When he approached his 100th FKT, he decided to make the climb symbolic. And, to add to the challenge, he wanted this mark of the FKT century to signal and symbolize the culmination of his record ascent of Washington’s 100 highest peaks, known as the Bulger List. When he stood atop Mount St. Helens at 6:04 a.m. on August 3, Hardrath, then 34, who had launched his 100 summit effort at 6:21 a.m. on June 13, 2021, broke the previous record. of 410 days set by Eric Gilbertson in 2018.

His journey of 100 summits included 51 days of challenges, not only reaching the peaks but at times suffocating in the sweltering heat, devising ways to reach climbing routes normally accessible from COVID-closed Canada, teetering on sharp ridges, being doused by heavy rain, climbing technical rocky terrain, traversing glaciers and readjusting schedules to avoid forest fires.

As news of his attempt grew, Hardrath was joined by 21-year-old Nathan Longhurst, who accompanied him to 65 summits and later became Bulger’s youngest record holder. Hardrath has secured sponsorships including from Athletic Brewing, whose chairman insisted, “We have to make a movie of this”, leading WZRD Media camera crews to document his last four ascents.

“It’s been kind of a wild ride to where we are now,” laughs Hardrath, who is now sponsored by Path Projects apparel, Norda Run trail shoes and Coros watches.

Completing the Bulger list in less than two months—a delay partly necessary because it happened during Bonanza’s summer break from teaching—wasn’t done on a whim. After asking himself, “Is this realistic?” Hardrath sought logistical advice from fellow Bulger finishers, including Gilbertson, through near-daily Zoom calls over a six-month period.

For now, it’s time to reflect on his adventures. Hardrath sincerely enjoys his past time and his time to come, on the challenges and rewards of climbing memories. “When I go out (on top of the mountains) it’s like complete silence. I can feel the breeze on my skin. It’s more of a shrine than any church I’ve been to, and it’s quite a powerful call.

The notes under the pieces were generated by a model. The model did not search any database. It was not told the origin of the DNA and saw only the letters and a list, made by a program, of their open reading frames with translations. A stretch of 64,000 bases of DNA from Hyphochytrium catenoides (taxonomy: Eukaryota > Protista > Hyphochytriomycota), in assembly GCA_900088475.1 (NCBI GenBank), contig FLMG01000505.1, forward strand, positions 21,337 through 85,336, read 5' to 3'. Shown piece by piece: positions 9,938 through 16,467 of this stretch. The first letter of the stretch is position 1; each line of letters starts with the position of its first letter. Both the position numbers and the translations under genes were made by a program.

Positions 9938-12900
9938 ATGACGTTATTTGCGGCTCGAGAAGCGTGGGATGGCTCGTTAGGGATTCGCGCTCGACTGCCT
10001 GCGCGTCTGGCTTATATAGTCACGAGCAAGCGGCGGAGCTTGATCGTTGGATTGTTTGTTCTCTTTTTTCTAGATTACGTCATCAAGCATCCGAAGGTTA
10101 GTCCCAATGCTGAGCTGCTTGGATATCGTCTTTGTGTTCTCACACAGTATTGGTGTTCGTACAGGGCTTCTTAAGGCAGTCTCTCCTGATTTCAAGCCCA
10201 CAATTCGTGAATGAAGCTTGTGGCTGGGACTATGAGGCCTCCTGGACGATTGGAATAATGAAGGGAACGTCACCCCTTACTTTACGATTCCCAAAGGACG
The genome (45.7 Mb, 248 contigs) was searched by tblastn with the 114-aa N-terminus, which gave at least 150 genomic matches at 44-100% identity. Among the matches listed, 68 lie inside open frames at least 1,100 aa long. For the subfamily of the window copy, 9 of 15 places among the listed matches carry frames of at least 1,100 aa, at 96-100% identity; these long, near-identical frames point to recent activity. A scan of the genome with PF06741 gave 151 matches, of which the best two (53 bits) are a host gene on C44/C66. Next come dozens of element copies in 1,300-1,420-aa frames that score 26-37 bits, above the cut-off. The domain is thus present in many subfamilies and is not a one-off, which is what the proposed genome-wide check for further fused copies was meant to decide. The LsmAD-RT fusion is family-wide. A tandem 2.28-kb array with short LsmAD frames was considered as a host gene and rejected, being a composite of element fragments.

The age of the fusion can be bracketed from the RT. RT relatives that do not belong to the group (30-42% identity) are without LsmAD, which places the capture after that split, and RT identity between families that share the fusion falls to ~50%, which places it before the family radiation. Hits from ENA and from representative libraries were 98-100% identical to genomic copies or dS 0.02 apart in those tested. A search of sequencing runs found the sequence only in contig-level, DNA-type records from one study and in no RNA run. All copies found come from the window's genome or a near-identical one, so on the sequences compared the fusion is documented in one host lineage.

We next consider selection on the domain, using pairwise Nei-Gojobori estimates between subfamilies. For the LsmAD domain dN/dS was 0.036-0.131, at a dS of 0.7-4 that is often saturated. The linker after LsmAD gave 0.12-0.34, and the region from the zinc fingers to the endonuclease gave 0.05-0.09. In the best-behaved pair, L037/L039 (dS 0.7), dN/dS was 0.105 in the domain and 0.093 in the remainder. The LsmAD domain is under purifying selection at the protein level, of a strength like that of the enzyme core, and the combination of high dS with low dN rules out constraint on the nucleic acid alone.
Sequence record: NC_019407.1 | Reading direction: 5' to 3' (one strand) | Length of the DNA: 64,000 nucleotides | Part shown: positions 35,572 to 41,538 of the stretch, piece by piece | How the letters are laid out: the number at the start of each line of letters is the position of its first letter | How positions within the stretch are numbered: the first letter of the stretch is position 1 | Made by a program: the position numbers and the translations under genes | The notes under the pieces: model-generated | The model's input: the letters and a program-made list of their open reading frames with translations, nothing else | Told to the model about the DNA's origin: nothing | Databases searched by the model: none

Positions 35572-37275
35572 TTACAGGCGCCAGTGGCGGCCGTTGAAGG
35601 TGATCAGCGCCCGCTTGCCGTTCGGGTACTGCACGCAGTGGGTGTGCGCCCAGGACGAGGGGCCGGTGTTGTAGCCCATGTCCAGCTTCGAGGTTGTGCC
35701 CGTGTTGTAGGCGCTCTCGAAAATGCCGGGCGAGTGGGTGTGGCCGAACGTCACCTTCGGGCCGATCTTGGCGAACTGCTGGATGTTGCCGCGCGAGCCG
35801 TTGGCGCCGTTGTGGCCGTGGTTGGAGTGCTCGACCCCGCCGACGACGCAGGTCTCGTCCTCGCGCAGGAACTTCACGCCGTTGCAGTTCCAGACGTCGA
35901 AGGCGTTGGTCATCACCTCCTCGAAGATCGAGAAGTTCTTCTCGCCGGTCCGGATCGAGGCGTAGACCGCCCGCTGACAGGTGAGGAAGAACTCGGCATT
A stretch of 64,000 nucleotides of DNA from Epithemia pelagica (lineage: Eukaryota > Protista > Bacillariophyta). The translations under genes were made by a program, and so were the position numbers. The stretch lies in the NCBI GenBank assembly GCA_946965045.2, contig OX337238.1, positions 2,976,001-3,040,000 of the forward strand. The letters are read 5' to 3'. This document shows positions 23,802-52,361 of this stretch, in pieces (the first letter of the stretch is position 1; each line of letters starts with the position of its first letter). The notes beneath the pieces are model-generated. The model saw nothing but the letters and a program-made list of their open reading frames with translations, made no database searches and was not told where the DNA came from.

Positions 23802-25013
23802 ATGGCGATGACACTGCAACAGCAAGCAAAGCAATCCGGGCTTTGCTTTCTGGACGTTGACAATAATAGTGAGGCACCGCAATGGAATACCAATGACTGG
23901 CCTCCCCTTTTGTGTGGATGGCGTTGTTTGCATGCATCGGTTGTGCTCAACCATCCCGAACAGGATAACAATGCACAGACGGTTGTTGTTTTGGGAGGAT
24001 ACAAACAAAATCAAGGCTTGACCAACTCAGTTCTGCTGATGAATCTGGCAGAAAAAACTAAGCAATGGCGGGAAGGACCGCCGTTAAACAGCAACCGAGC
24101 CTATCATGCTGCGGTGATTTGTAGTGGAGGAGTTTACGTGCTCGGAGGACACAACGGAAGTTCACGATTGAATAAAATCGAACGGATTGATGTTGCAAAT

He talks about giving his body a rest, including visits to Denver, Seattle, Portland and elsewhere for upcoming “Journey to 100” screenings. But plans this year include more challenging adventures – joining Longhurst for the Norman 13, linking the peaks of the 14,000ft Sierra Nevada mountain range – and, from 2023, tackling the loop Rainier Infinity, which involves two peaks of Mount Rainer and the entire Wonderland Trail. , climbs in South America, and outings like the Teton Picnic, which includes biking 23 miles from Jackson Hole, swimming 1.3 miles through Jenny Lake, climbing 10 miles often techniques to the 13,775-foot summit of Grand Teton, then reverse the route toward town.

“I have a long list of things,” Hardrath laughs.

For now, the immediate focus is on teaching, which includes instilling a sense that you can do it in his students at Bonanza Elementary and encouraging others to gain confidence on hikes or biking in the new Bike Skills area of ​​Moore Park, a project in Klamath Falls he helped fund.

“This desire to help and uplift others is ingrained in me,” says Hardrath. “I’m especially passionate about getting kids outside more. I love the idea of ​​a true, full adventure, and hope to instill that in others as well.

Contact freelance writer Lee Juillerat at [email protected] or 541-880-4139.